Last year I was diagnosed with an autoimmune disease that knocked me off of my feet a bit. It hit me square in the areas in which I’ve often found security and comfort. My intellect has been crippled by persistent and real brain fog. My optimism has been dampened by symptoms that have mirrored depression. My weight and appearance have shifted and fluctuated despite my best efforts to control them. My ability to press on has faded, as my body hasn’t been able to summon the energy to keep going through exhaustion anymore.
The process of treating it has been one of the most frustrating seasons of my life – a sort of two steps forward, one step back cycle of hoping the next medication or the next food elimination diet might miraculously provide a cure.
I am so thankful for the ways God has healed my body thus far. My struggle over the last year has paled in comparison to what many of you have walked through. It could be far worse, as they say.
That said, for me, this has been difficult. This has seemed – at times – like an assault on some of the things I’ve held dear and relied upon.
In Judges 7, Gideon had tens of thousands of men ready to go to war against the Midianites. God whittled this number down to 300. He didn’t want the Israelites to question whom the honor and glory should go to in victory. He didn’t want them to be tempted to pat themselves on the back and rely on themselves in the future, so yet again, He worked in an unconventional way to show His power in their weakness.
This brings me back to my small “thorn in the flesh.”
I have been more aware of my daily need for God’s grace and power over the last year than in the previous two and a half decades of my life. As I have been made less, I have truly seen His more. He has strengthened me and helped me. He has upheld me with His hand. He has restored my soul. In my weakness, He has been faithfully strong.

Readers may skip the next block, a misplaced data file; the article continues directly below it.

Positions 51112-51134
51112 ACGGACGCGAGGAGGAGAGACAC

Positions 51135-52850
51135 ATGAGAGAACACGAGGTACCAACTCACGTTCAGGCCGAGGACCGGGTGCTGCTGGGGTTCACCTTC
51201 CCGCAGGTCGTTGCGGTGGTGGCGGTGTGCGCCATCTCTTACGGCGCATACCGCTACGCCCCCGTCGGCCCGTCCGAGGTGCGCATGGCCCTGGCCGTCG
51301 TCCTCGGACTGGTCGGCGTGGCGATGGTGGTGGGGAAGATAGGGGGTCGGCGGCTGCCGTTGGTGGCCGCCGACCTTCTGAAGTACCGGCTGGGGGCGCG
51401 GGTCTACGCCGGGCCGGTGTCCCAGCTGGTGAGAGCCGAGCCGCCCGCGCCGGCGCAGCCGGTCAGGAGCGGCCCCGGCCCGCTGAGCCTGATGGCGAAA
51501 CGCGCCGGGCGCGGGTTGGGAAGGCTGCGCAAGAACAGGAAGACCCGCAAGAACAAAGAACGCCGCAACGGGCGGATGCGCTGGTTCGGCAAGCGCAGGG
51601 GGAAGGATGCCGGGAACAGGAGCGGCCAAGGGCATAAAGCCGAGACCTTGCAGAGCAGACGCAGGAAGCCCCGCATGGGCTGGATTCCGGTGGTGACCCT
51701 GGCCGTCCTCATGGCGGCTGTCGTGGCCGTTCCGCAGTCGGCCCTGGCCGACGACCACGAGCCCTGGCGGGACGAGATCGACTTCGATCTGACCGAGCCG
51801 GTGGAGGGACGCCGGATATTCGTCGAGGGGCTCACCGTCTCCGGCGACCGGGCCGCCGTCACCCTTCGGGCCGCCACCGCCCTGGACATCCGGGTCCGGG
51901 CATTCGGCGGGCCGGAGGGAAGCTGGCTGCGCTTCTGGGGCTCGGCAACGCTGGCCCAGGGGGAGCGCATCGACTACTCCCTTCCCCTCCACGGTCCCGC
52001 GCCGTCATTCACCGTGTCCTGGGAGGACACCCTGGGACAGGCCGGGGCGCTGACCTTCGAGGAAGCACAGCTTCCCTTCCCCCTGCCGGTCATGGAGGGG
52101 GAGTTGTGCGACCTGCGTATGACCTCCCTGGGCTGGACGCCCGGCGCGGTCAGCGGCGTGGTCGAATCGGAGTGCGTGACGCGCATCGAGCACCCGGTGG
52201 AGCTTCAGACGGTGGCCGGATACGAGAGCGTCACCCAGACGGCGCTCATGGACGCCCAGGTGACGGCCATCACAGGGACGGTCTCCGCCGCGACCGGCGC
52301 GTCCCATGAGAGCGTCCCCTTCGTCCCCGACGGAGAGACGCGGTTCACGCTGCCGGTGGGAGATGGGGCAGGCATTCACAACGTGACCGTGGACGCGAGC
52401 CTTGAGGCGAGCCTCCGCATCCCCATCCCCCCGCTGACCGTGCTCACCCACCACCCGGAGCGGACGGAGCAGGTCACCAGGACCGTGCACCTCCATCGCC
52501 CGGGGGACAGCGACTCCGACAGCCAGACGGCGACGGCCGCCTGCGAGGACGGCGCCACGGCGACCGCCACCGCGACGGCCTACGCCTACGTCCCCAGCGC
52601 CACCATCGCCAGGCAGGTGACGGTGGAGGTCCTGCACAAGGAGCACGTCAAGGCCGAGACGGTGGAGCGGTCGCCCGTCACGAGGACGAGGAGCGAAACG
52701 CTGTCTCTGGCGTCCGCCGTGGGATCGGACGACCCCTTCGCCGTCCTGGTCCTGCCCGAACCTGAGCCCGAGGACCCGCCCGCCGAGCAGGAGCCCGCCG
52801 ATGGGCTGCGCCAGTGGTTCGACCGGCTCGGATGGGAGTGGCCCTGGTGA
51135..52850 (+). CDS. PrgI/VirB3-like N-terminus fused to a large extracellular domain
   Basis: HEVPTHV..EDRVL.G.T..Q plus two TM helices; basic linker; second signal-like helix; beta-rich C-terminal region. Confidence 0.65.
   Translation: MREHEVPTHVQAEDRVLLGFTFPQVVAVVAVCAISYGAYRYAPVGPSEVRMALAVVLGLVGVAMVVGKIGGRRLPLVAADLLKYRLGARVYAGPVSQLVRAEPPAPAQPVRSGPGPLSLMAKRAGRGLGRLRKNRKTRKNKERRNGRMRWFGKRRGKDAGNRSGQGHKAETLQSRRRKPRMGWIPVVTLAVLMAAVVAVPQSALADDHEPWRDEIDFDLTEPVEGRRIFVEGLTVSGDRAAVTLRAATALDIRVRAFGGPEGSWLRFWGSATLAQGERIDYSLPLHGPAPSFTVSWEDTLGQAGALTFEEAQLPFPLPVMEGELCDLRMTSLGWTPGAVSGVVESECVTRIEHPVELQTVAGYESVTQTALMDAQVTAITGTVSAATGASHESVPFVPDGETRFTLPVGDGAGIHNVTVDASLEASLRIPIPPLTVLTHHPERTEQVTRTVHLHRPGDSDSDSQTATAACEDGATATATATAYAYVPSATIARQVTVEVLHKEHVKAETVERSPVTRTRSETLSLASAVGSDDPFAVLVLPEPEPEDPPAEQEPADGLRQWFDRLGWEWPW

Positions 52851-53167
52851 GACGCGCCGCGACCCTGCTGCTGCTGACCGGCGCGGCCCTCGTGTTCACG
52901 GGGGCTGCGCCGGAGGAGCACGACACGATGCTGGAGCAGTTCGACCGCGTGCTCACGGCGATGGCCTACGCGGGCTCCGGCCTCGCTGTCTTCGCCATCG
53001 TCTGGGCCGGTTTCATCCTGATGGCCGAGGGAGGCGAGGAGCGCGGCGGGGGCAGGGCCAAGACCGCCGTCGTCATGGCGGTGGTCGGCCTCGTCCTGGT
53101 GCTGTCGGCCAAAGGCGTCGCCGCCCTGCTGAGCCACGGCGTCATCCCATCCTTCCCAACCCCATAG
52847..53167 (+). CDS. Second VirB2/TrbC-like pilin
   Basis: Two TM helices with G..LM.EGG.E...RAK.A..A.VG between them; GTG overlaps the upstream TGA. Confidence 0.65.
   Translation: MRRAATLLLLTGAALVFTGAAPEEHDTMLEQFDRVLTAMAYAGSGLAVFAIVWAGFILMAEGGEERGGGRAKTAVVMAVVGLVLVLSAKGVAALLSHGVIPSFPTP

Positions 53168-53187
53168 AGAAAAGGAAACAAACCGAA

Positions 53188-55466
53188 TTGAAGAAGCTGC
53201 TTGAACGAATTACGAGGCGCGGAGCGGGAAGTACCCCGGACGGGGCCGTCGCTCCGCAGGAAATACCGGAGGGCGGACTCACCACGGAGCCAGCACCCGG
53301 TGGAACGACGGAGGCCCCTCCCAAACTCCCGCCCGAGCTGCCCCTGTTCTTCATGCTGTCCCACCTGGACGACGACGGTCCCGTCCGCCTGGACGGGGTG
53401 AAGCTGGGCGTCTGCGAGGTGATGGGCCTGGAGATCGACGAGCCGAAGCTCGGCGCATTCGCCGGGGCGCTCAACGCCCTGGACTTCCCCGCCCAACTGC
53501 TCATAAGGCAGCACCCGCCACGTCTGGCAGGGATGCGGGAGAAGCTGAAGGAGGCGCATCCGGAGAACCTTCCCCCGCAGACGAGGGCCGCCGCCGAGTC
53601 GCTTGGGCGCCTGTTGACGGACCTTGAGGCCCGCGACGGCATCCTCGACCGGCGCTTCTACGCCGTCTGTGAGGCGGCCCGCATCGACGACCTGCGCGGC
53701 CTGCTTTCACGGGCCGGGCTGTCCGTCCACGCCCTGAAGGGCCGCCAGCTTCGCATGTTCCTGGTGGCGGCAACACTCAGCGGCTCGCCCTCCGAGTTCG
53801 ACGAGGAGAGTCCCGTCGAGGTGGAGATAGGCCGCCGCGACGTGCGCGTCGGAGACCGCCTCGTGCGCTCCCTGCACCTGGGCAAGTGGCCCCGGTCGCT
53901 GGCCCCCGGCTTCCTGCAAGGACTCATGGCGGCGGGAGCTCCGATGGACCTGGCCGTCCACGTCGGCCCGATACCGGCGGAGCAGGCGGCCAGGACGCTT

God does not delight in our suffering – far from it, in fact. God did not cut Gideon’s fighting men down to 300 for the purpose of seeing them suffer. But He lovingly uses our weaknesses to protect us from pride and self-worship. He lovingly uses our “thorns” to focus on our hearts and minds on Jesus and His all-encompassing sufficiency.
His ways are not our ways. This isn’t a cliché or a cop out. This is the truth, which when understood and believed, is one of the most radically freeing, life-giving statements in all of eternity.
Is there an area in your life that God has whittled down? Are there areas of weakness that don’t make sense? Thorns, which are frustrating and you’ve prayed would be taken away, to no avail?
Be encouraged by God’s defeat of the Midianites with a mere 300 men! Be encouraged by God’s defeat of sin and the grace with one man – His Son! Be encouraged that this man – Jesus – is made strong in our weakness. His ways are far better and far higher than our ways. Be encouraged by this extraordinary truth.